More Flash Fiction: “The Spider and the Fly-Man”

I’ve been reading a lot of flash fiction as I investigate such literary magazines as WigleafPank, and others.  Feeling inspired, I decided to write some more flash fiction, and to try a more experimental piece.  It’s been awhile since I went for something with this feel to it.  This was fun, and made me want to search the disorganized archives of my older writing for a piece I had been working on maybe four or five years ago that reminds me of this one.

I decided to go again to the random choice of words for some inspiration, though I didn’t limit myself to 150 words this time.  The following list was taken from the Winter 2014 issue of the Journal.

The words: riddled, aloofness, forehead, blame, function, pronouns, superhero, dependent, plastic, positive, shock, ribcage, charges, neighborhood, proximity, ballooning, forest, dioramas, margins, pinpoint, arachnid, eyeliner, cracking, diffusing, natural


The Spider and the Fly-Man


            Each table in the restaurant is a diorama, when one surveys the scene, sweeping the eyes from one corner to the other, observing with the necessary aloofness, refusing to assign blame, only accepting the scenes as they present themselves in vague pronouns, not personal to one’s own life, nor dependent on one in any way.

For example, at the very next table to ours, there is a woman bent forward like a hungry, pleading arachnid, pining after a superhero fly, much larger than herself, much more important, in fact, positively ballooning out of his chair with natural and supreme function.  She leans toward him, orienting herself to him, trying to draw his eyes to hers through the skillful use of dark eyeliner.  The low lighting reveals the gleam of sweat on her forehead.  The forest of chairs and tables and diners around the two of them are nothing to her.  There is only the desire to be near her superhero as he is diffusing little castoff, half-dead particles of himself into the air.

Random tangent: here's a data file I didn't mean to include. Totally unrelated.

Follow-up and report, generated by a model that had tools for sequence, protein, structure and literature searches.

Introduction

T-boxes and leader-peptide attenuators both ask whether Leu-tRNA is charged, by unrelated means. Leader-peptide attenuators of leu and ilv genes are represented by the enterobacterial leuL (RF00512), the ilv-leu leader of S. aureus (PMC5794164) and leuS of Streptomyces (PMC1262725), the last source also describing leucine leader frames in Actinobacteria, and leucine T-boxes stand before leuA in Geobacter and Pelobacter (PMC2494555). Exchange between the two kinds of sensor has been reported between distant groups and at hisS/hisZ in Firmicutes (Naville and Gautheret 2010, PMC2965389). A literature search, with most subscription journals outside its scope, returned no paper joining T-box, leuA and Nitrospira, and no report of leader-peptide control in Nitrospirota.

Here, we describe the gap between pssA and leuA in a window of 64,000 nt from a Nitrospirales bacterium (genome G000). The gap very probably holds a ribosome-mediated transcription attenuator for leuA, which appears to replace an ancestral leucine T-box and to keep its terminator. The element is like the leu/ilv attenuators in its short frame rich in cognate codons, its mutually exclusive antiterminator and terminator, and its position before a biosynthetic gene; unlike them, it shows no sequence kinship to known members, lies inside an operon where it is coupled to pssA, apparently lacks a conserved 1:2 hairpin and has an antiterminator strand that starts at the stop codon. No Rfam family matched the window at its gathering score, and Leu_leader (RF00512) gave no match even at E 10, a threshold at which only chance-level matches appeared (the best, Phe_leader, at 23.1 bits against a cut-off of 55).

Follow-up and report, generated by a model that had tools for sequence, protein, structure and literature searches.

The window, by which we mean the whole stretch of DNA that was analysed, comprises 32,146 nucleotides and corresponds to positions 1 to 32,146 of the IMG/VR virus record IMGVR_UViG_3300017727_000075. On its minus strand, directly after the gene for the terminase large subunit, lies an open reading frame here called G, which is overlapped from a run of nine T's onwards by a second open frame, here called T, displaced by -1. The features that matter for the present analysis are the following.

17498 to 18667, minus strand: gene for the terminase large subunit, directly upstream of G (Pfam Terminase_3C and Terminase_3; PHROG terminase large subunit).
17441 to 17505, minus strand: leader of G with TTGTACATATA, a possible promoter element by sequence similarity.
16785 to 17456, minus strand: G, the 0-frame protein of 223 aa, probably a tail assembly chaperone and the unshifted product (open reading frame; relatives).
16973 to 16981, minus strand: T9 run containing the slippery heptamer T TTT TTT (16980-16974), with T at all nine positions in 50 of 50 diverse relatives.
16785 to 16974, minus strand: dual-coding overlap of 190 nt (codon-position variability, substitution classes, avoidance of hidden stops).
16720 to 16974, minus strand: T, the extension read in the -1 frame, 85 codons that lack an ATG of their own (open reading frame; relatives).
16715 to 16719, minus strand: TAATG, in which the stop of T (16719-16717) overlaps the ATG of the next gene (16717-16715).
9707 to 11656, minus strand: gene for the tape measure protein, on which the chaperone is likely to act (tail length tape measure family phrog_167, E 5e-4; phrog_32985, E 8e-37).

He, on the other hand, sees her as a bit of plastic, which he will take home, and hold by the ribcage, and rescue fleetingly with his own power, until he feels the shock of himself momentarily cracking through his system.  Then he will release her into the neighborhood.  The neighborhood will be a new forest for her, and frightening.  There she will drift toward the margins, trying pinpoint how she came there, and how she might return to her own place, not sure if she is happy or sad, or something else entirely.

One can see that it is starting, when the superhero charges the meal, and the fragile arachnid leans in to put her eighth leg in his strong hand.  When they rise to leave, and the superhero circles his arm around her, right before his cape billows out, one can see that she has the red hourglass.  Maybe, after all, the woman will win out.  Certainly, one knows that they can’t both survive unscathed.  Certainly, one knows that there will be blood.  None of these dioramas contain the everlasting grail of peace; of course not.